- When do we use chemotherapy to treat animals with cancer?
- Will there be side effects from the drugs?
- How are the drugs given? How often and how long does treatment last? What can you expect from chemotherapy?
The type of cancer and extent of disease help us decide what protocol(type of drugs, dose, and schedule) to use for treatment.
We use it in the event of:
- multicentric disease (tumors occurring are more than one site).
- metastatic disease (cancer that has already spread).
- nonresectable disease (tumors that cannot be removed surgically).
- follow-up therapy after surgery when the tumor has not/cannot be completely removed.
- follow-up therapy after surgery when we are treating tumors that usually metastasize early.
Compared to people treated with chemotherapy, we see fewer side effects in pet animals receiving these drugs. In animals, we use lower doses, and do not combine drugs as often.
Most of the chemotherapeutic drugs are not specifically toxic to cancer cells, but to all cells that are dividing rapidly. This is why we see toxic effects in normally rapidly growing cells of the body, and many of the side effects are due to this.
The cells in the bone marrow, the intestinal lining, and hair follicles in some breeds of dogs (e.g. poodles, terriers) are rapidly dividing cells, and consequently more sensitive to chemotherapy.
The most common side effects are bone marrow suppression and vomiting/diarrhea. Whiskers of cats usually fall out, but regrow when chemotherapy is stopped.
Bone marrow suppression may cause a drop in the white blood cell count and increased susceptibility to infections. Severe infections may require intensive supportive care, including intravenous fluids and antibiotics.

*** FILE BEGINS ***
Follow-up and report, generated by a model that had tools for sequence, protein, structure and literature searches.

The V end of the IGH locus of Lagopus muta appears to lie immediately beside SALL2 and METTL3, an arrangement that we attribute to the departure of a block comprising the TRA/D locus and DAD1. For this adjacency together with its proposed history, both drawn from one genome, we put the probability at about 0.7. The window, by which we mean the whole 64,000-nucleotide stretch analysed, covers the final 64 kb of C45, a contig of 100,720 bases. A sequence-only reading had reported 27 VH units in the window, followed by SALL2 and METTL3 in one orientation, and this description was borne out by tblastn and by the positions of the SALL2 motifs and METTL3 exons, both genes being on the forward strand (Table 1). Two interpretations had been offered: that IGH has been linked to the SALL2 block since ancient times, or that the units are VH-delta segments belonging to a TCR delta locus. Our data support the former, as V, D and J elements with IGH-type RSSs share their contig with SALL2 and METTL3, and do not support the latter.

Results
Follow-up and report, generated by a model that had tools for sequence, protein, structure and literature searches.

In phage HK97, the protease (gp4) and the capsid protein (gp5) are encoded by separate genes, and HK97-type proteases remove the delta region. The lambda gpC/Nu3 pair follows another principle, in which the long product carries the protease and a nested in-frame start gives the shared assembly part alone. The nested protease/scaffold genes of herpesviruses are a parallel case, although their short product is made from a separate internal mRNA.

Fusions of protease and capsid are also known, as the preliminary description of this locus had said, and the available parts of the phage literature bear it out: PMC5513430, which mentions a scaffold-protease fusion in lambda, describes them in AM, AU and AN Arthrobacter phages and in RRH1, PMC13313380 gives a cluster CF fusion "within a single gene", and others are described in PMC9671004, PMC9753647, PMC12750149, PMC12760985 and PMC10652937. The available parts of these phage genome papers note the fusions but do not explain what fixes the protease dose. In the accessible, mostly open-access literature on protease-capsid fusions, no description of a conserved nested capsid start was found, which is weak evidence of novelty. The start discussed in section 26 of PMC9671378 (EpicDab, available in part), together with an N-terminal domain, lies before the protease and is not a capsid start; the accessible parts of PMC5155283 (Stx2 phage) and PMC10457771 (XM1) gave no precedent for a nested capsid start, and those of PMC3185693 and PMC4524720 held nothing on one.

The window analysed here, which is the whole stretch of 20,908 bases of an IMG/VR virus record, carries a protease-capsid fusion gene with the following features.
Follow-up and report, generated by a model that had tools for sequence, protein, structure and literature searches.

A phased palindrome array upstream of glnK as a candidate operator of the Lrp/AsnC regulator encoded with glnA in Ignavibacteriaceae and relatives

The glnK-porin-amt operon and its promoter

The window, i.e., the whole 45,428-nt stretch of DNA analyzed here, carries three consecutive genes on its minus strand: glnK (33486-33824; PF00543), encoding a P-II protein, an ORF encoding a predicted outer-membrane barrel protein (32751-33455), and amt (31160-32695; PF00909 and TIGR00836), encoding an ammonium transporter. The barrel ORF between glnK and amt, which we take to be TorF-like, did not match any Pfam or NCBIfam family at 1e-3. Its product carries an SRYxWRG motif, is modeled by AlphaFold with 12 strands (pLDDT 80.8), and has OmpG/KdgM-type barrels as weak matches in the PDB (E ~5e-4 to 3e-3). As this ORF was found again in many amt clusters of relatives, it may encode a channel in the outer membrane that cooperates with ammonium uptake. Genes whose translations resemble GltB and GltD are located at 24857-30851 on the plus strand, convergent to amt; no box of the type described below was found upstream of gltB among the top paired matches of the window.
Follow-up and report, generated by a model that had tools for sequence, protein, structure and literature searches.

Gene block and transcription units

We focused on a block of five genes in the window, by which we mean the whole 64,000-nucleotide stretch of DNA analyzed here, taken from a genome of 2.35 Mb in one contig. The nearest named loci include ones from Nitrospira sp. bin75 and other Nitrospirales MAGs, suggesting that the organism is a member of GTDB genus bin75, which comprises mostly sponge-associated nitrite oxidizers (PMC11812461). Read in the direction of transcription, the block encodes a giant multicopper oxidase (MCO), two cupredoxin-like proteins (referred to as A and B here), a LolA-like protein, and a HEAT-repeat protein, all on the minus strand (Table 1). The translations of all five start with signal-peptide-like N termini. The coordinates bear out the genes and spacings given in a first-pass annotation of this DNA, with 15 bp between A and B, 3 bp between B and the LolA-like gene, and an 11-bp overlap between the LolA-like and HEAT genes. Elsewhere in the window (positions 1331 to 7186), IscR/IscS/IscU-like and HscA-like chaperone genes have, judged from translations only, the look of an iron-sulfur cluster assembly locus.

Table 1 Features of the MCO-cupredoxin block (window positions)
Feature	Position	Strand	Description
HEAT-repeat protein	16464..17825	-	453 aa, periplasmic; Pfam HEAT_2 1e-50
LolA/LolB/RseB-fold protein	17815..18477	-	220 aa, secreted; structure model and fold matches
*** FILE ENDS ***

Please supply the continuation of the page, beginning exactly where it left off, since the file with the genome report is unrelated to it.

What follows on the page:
The gastrointestinal signs may be mild, moderate, or severe. Although infrequent, some dogs may develop severe diarrhea requiring fluid therapy in the hospital.
We see side effects as described above very seldom (i.e., less than 5% of all pets receiving chemotherapy). With proper therapy, most animals recover uneventfully within several days.
Most of our patients experience only mild side effects, such as transient nausea, lethargy, reduced appetite, and mild diarrhea for a few days after treatment.
If your pet is treated with drugs known to cause side effects, we will give you instructions on what to do if there is a problem.
This varies, depending upon what type of cancer we are treating and which drugs we are using. Some of the drugs are oral medication (pills) that you give at home, while others are injections or slow intravenous infusions that may require 1-2 days in the hospital. The treatments are usually repeated weekly, every other week or every third week.
It is most important that you, as an owner, are committed to treatment and bring your pet in when scheduled for therapy.
The duration of the chemotherapy depends on the type of cancer and stage. Some animals need to receive chemotherapy for the rest of their lives, but in others, treatment may be discontinued for a period (weeks to months) if the tumor is in remission (i.e., not evidence of disease or NED). Chemotherapy is resumed when there is a tumor relapse.
We usually recommend that every patient receive at least two cycles of chemotherapy and then be evaluated for response before we decide to continue the treatment, change the drugs, or discontinue chemotherapy.
In many cases, we are not able to cure our patients with cancer. We are often talking about palliation, i.e., prolonging your pet's life and slowing down the progression of the disease. From what we know about the type of cancer your pet has, we may be able to give you a prognosis about life expectancy with chemotherapy. We want to give your pet a long life while striving for a good quality of life.
Veterinary Hospital of the University of Pennsylvania. © Copyright, 1994 OncoLink
NB-In my experience, homeopathic palliation often provides a much better quality of life.--Dr. Jeff